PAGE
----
Although the cost of rebuilding the town’s District I sewer plant came in somewhat high — exceeding $37 million — First Selectman Rudy Marconi expects the Water Pollution Control Authority can handle it.

“The estimate was $32-or-$33 million. It did come in a little higher,” Marconi told fellow selectmen as they re-approved bonding resolutions for the sewer project.

A total of $48 million was approved by voters last November for the sewer project, but that was projected to cover the renovation of the District I treatment plant off South Street, which came in at $37.7 million, and also the cost of closing the District II plant at Routes 7 and 35 and building a pipeline to bring that District II wastewater to the District I plant off South Street for treatment.

The work to decommission the District II plant, and build the pipeline to South Street, hasn’t gone out to bid yet. But Marconi said the town Water Pollution Control Authority (WPCA) was optimistic that it could cover the entire project’s costs without going back to the taxpayers for more money.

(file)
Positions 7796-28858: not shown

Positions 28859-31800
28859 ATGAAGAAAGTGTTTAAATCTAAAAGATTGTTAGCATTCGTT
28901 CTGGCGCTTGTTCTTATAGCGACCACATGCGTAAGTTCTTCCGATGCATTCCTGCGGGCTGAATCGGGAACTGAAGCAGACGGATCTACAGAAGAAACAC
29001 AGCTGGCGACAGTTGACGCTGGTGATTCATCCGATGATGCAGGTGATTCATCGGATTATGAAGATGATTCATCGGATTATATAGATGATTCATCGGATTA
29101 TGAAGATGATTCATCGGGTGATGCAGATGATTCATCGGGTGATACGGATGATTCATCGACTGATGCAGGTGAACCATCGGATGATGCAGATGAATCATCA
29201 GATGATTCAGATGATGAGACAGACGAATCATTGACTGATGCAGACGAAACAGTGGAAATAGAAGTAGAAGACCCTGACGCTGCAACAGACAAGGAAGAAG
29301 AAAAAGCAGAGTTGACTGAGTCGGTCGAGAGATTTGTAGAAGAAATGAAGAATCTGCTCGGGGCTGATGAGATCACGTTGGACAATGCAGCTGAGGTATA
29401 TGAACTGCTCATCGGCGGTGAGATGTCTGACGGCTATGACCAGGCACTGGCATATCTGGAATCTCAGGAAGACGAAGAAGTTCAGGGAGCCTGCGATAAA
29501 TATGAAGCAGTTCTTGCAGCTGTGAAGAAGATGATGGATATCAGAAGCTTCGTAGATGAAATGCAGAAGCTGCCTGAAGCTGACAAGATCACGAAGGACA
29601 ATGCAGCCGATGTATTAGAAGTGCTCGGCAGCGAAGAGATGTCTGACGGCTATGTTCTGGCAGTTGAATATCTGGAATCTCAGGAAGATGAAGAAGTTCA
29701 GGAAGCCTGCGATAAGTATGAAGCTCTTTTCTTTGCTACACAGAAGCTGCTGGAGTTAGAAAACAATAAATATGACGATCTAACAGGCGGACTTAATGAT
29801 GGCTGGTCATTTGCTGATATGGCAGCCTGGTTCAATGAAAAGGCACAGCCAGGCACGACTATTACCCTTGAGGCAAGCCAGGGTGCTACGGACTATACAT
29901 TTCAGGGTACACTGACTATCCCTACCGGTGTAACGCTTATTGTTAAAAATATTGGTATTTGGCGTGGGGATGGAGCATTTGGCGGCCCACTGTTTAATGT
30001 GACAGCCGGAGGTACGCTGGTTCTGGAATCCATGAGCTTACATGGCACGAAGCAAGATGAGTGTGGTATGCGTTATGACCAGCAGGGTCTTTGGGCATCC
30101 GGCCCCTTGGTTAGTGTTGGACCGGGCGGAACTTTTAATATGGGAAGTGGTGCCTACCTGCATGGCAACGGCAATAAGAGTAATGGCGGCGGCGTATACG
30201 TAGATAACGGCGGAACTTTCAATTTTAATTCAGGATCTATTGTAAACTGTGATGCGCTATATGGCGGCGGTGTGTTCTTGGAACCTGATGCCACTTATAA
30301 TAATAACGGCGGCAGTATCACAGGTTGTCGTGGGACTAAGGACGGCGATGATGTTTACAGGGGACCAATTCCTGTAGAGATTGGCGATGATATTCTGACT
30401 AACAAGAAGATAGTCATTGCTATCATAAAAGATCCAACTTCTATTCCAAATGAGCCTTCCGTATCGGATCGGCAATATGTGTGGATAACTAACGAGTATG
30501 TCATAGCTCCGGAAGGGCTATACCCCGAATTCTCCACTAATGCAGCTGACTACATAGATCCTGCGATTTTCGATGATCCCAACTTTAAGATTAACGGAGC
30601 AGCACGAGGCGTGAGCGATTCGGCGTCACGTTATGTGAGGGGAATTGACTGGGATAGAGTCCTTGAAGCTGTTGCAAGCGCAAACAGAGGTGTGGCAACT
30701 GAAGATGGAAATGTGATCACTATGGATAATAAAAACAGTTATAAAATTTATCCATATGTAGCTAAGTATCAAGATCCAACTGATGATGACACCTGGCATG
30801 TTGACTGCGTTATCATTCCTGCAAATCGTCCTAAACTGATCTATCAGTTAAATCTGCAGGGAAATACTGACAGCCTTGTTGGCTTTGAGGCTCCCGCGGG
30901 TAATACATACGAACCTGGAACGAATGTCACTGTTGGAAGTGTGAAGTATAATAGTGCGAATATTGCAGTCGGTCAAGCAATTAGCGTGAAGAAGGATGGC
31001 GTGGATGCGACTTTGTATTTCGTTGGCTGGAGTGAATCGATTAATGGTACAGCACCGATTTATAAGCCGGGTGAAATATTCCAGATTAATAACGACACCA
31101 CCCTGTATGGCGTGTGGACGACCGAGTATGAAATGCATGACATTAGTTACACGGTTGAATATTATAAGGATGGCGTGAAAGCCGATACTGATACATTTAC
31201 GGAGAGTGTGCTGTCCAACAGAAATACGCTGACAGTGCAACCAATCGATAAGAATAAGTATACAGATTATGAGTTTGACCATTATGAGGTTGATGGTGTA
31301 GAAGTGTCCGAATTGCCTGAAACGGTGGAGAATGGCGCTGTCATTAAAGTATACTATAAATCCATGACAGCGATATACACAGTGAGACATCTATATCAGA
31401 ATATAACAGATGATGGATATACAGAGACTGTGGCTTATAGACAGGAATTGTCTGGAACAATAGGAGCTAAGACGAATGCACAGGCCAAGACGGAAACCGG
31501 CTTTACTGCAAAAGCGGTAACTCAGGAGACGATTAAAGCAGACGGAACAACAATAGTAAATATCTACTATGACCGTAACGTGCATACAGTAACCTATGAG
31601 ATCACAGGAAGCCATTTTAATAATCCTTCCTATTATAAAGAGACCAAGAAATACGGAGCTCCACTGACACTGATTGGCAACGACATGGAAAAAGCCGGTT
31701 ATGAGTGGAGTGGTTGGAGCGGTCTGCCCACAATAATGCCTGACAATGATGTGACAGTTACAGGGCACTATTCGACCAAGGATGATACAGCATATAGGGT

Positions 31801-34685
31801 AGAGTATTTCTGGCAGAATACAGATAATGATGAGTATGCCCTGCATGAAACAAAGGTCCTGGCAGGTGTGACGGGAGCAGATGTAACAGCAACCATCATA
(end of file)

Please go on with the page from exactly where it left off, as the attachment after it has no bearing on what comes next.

“The WPCA feels, within its cash flow, it can cover the difference,” Marconi told fellow selectmen. “It may have to put some of its other projects on hold.”

“Right now, we’re covered?” asked Selectman Bob Hebert.

“We’re covered,” said Marconi.

That was June 19. The town was awaiting action by the state bonding commission to approve borrowing — hundreds of millions of dollars — expected to cover the state’s share of numerous clean water projects, including the one in Ridgefield.

Marconi said in a July 1 email to The Press that the bonding commission had approved the big borrowing package. He also said WPCA chairwoman Amy Siebert had signed a contract for the work on the District I plant, and the paperwork was submitted to the state Department of Energy and Environmental Protection (DEEP) before the June 30 deadline to qualify for clean water money — although the town was still awaiting final approval.